In one aspect, a method for capturing data includes recording, within an intelligent electronic device (IED), information regarding an initial change to one of a firmware within the IED, a hardware within the IED, and a configuration within the IED.

In another aspect, an intelligent electronic device (IED) includes a memory and a processor. The processor is configured to record, within the IED, information regarding an initial change made to one of a firmware within the IED, a hardware within the IED, and a configuration within the IED.

In yet another aspect, a power management control system (PMCS) includes a computing unit, an interface coupled to the computing unit, and an intelligent electronic device (IED) coupled to the computing unit via the interface. The IED is separate from the computing unit. The IED includes a processor configured to record, within the IED, information regarding an initial change made to one of a firmware within the IED, a hardware within the IED, and a configuration within the IED.

BRIEF DESCRIPTION OF THE DRAWINGS

FIG. 1 is a block diagram of an embodiment of a power management control system.

FIG. 2 is a block diagram of an embodiment of a software implemented within the power management control system of FIG. 1.

FIG. 3 is a block diagram of an embodiment of an IED included within the power management control system of FIG. 1.

FIG. 4 is a flowchart of an embodiment of a method for capturing data.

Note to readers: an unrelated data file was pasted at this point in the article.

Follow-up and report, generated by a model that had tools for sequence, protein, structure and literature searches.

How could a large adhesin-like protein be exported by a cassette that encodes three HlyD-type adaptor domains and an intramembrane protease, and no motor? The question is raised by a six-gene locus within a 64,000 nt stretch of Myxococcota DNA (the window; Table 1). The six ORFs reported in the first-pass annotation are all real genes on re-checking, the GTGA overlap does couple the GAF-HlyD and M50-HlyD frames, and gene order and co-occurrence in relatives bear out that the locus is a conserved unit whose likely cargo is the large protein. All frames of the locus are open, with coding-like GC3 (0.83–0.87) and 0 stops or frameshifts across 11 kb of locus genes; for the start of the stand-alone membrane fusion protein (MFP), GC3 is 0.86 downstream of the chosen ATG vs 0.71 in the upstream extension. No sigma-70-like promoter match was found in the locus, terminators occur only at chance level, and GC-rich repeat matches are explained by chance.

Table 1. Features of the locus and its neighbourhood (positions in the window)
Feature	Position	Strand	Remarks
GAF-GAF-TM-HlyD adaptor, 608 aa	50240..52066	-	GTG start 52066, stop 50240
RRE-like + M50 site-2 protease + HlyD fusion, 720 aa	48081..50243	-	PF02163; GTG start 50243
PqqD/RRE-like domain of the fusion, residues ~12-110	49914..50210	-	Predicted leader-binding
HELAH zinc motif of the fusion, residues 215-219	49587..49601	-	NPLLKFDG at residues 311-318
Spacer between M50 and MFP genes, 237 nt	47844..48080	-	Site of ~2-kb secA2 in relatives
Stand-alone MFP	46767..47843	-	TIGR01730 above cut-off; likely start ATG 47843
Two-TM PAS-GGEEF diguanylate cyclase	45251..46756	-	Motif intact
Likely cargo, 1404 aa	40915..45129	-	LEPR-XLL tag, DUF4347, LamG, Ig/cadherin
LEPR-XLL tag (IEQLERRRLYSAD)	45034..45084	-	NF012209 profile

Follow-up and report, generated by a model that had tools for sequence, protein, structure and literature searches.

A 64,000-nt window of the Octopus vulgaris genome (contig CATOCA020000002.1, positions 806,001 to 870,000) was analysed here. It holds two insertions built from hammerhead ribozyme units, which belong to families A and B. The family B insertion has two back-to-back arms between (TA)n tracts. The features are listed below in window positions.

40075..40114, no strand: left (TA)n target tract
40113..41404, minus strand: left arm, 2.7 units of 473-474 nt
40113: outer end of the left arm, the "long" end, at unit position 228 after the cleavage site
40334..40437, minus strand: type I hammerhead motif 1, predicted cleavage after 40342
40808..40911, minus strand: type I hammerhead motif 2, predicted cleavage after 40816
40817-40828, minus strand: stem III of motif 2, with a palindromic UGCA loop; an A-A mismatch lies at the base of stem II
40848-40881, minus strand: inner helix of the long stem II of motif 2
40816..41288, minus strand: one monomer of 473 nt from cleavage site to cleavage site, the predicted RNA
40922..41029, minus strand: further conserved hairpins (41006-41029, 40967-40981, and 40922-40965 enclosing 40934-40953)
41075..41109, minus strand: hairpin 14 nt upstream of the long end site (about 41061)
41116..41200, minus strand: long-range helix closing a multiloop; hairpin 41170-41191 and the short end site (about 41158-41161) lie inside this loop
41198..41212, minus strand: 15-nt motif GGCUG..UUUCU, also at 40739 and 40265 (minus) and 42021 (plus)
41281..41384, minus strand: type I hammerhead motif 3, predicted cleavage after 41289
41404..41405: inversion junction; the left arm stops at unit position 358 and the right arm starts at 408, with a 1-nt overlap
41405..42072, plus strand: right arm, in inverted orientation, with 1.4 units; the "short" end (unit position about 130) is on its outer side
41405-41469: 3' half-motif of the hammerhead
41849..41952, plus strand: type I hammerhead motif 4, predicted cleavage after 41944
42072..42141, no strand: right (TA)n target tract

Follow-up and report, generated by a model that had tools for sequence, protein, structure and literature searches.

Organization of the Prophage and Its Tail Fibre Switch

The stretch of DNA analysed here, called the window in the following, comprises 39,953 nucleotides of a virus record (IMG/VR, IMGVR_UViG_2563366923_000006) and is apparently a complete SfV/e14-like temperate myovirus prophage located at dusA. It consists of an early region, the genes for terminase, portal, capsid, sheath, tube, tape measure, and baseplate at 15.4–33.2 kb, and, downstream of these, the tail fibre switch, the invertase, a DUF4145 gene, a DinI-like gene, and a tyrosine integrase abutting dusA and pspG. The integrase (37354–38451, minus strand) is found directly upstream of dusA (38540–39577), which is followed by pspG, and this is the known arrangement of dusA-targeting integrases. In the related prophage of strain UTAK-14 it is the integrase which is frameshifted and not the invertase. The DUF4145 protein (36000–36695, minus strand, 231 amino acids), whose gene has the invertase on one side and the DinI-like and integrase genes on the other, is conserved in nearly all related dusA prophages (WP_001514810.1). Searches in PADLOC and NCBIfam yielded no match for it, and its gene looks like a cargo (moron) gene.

FIG. 5 is a continuation of the flowchart of FIG. 4.

FIG. 6 is a continuation of the flowchart of FIG. 4.

FIG. 7 is a continuation of the flowchart of FIG. 4.

FIG. 8 is an embodiment of a report created by executing the method for capturing data.

DETAILED DESCRIPTION OF THE INVENTION

FIG. 1 is a block diagram of an embodiment of a power management control system (PMCS) 10. PMCS 10 includes a computing unit 12, a plurality of Ethernet interface cards 14, a third-party interface card 16, a plurality of Ethernet gateways 18, a plurality of Ethernet Transmission Control Protocol/Internet Protocol (TCP/IP) networks 20 and 22, a plurality of Modbus Remote Terminal Unit (RTU) networks 24, a first group 28 of intelligent electronic devices (IEDs), a second group 30 of IEDs, a plurality of Commnet networks 32, a third group 34 of IEDs, a Modbus concentrator 36, a fourth group 38 of third-party IEDs, a view node computer 40, an Internet gateway 42, a view node computer 44, and the Internet 45. Modbus is a registered trademark of Gould Corporation located at 10 Gould Center, Rolling Meadows, Ill. 60008. PMCS 10 allows monitoring and control of the IEDs of an electrical distribution system.

Computing unit 12 includes a computer having Ethernet interface cards 14 and third-party interface card 16 installed in I/O slots of computing unit 12. Other examples of computing unit 12 include a personal digital assistant (PDA), a portable computer, and any other microprocessor based computing device capable of storing data and communicating with the IEDs within one of first group 28, second group 30, third group 34, and fourth group 38. Computing unit 12 includes software for monitoring and controlling power consumption. Ethernet gateways 18 are connected to Ethernet TCP/IP networks 20 and 22 to provide an interface between an Ethernet TCP/IP protocol and a Modbus RTU protocol. Ethernet gateway 18 provides a connection between Ethernet TCP/IP networks 20 and 22 and Modbus RTU networks 24. The Ethernet TCP/IP protocol is an Institute of Electrical and Electronic Engineers (IEEE) standard 802.3, which allows a user of PMCS 10 to use an existing local area network (LAN).